Spiritual Travel - Meeting the Goddess Meenakshi
by Rachna Singh Chopra
The girl was pretty, but had three breasts. This worried the king. However, a divine voice assured him that the extra breast would vanish as soon as the girl meets her consort. The girl grew into a bold and beautiful princess, and no sooner did she sight Shiva on the battlefield of Kailash, than her third breast disappeared! The princess was none other than Parvati. After the couple wed and ruled long over the Pandian kingdom, they settled in Madurai.
The train started moving slowly as soon as I finished hearing this tale from a co-passenger. I was on my way to the famous Meenakshi temple in Madurai where the couple (princess Meenakshi and Sundereshwar Shiva) has been residing ever since. As I watched the sky change colour and wear a bridal red, I marvelled at the strength of their love; that till today, their wedding is held sacred, their idols worshipped, their union revered. The pillars of the Meenakshi temple are said to resonate with the tales of the two eternal lovers. Soon the aroma of sambar, dal, vadas, and freshly prepared idlis being served on banana leaves permeated the air. I wrote a haiku-The breeze moves the branch, the branch the bird; the bird the breeze. Soon, I was lulled to sleep by the rhythmic rattling of the train.
The next morning found me in the city of Madurai, pulsating with the presence of the goddess, the temple walls towering out from the teeming streets of the city. Checking into a room near the temple complex, I waited for her call. Admiring the commanding structure from different angles kept my attention gripped for one entire day. From each peep, the temple looked different, with each of its four awe-inspiring entrances giving a different view of the abode, where Parvati disguised as Meenakshi resides with her timeless consort Shiva.
As the next evening strolled past, it whispered an invitation from the devi in my ear. With an offering of a jasmine flower in my palm, I entered from the eastern street through the Ashtha Sakshi Mandapam, with its pillars illustrating different aspects of the goddess and the miracles performed by Lord Shiva in Madurai. I passed idols of Ganesha, carvings of the eight Shaktis, innumerable inscriptions of verses, and thousands of idols embedded on the walls and ceilings on the way. Hearing the sculpted figures narrate details of the wedding, it felt as though a perennial celebration is being held here each moment in vibrant colour and spectacular ritual. In temple tradition, it is customary to meet the goddess before encountering Shiva. Of course, isnít the route to Shiva through Shakti?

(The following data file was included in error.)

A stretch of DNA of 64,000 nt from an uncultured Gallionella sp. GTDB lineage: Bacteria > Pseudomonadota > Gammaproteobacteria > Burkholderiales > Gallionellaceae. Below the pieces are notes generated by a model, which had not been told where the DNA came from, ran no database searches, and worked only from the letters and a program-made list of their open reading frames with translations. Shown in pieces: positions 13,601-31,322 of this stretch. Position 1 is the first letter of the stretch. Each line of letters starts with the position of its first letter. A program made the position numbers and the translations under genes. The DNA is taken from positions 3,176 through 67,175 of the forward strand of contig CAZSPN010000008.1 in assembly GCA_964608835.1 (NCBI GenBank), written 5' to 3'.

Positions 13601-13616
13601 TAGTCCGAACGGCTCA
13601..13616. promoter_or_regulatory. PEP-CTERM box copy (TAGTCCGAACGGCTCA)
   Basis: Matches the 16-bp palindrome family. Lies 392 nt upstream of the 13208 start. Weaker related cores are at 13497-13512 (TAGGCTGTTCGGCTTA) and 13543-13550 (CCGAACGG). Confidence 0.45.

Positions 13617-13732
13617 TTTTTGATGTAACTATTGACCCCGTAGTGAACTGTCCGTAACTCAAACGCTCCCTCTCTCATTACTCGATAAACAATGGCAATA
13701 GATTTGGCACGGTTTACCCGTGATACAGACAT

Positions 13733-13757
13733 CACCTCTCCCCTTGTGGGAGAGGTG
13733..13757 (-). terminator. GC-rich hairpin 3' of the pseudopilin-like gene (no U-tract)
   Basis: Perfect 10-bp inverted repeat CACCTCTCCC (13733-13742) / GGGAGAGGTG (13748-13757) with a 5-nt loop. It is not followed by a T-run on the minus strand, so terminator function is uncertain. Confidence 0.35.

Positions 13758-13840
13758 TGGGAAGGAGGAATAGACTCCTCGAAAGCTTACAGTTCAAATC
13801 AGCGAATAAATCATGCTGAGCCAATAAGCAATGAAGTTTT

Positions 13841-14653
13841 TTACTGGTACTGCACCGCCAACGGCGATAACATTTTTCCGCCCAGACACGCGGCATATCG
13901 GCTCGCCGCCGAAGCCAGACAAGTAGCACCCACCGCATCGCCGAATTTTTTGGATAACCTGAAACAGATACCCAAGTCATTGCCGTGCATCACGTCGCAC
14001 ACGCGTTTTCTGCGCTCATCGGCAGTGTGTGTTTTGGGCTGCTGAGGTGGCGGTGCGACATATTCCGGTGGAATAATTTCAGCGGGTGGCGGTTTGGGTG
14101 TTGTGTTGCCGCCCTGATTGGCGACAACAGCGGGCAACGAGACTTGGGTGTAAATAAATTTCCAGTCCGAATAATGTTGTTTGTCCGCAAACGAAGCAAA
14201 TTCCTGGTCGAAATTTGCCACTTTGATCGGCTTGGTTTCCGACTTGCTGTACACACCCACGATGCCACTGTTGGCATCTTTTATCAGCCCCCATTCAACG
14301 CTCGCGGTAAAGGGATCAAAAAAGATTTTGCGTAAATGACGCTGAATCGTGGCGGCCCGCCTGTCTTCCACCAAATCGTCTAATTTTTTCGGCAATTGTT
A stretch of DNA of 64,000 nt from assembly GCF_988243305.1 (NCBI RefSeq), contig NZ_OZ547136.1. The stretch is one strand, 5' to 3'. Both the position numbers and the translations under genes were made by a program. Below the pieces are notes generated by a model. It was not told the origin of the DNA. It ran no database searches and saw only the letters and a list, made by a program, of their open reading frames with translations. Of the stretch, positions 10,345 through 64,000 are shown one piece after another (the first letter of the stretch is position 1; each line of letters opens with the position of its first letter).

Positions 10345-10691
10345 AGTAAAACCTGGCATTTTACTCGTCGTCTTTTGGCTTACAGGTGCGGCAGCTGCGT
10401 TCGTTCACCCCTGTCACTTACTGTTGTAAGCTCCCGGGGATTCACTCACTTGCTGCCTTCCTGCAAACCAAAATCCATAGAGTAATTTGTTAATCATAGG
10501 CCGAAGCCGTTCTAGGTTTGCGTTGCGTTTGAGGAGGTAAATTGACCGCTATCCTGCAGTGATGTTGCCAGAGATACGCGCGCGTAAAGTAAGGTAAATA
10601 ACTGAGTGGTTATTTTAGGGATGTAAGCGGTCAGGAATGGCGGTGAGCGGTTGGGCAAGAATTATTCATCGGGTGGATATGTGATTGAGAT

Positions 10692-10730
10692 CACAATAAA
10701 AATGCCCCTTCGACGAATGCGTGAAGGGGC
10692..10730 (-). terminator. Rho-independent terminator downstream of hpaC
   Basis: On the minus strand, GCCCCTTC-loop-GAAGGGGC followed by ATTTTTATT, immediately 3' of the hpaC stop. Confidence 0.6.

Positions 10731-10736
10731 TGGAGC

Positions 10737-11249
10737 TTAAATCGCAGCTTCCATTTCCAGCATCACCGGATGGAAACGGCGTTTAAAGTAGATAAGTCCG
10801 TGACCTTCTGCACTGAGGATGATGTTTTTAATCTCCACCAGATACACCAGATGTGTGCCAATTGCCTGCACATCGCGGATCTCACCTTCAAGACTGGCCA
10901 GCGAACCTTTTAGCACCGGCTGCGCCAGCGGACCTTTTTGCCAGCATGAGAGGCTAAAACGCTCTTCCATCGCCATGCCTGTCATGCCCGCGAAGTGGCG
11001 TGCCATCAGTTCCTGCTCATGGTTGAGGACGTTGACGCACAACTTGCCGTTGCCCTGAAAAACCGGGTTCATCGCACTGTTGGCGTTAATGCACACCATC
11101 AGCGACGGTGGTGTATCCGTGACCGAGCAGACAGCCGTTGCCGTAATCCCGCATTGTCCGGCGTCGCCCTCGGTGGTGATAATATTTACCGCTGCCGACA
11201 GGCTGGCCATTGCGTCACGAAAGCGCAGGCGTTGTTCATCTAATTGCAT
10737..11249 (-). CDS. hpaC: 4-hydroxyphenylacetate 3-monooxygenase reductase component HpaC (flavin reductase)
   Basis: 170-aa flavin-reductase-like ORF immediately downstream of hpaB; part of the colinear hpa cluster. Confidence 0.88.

Procuring a one-rupee ticket from the counter, as I moved towards the shrine of the Shakti incarnate Pandian princess, I knew I had embarked not in a temple, but a city! The sprawling area of over six hectares boasts of long corridors, towering sculptures and several 45-50 metre tall gopurams or gateways, studded with myriad mythological images of Dravidian gods and goddesses. The busy lanes of this city are dotted with several dance halls (whose mention is heard in the poetic renditions of Tamil scholars), stunning architectural splendour, and rich legend.
Skipping the line of devotees, I sat facing the splendid shrine of the goddess. The 2000-year-old, dark sanctuary was lit up with a single oil lamp, which revealed the countenance of Meenakshi, carved out of a single emerald. The delicately adorned Pandian beauty with high cheekbones, arched eyebrows, well-defined chin and lotus eyes cast a spell. If her stone image could be so engrossing, how bewitching must she be in flesh and bone! I could have watched her endlessly, but for the call of the priest, who signalled me to come forward and receive prasadam-a lotus flower from her feet and a pack of sindoor; both symbolic of union!
Past the sanctum sanctorum, crossing a corridor with mythical lions jumping out of pillars, a gigantic idol of Ganesha (unearthed 3 km from the temple by king Thirumalai Nayakar), a dancing Nataraja, the ancient tank of Golden Lotuses where Indra is believed to have plucked out golden lotuses to worship Shiva (and where Tamil threw in literature and rated it worthy only if it floated!); past the 12-ft-high dwarapalaks (gatekeepers), eight elephants and 12 lions keeping vigil at the entrance, I proceeded to meet Lord Sundereshwara. After all, he was the lord of the lords! When face-to-face with the idol, it was evident that the splendour preceding the shrine was an effort to match his grandeur.
My visit culminated when I got ushered into the awe-inspiring thousand-pillared hall, with 985 pillars arranged such that they appear to be in a straight line from all angles. The 22 smaller musical pillars have been carved out from a single stone. Each pillar spoke to me a different tale of the deviís beauty and compassion. It seemed as though the thousand-pillared hall was Sahasrara, the pivotal point of bliss attained in union.
Subject: meenakshi in devon ke dev mahadev - 24 March 2013
in devon ke dev mahadev the story of meenakshi has been altered completely and much neglected.she is one of the most important deity we pray to. would you like to comment on this?
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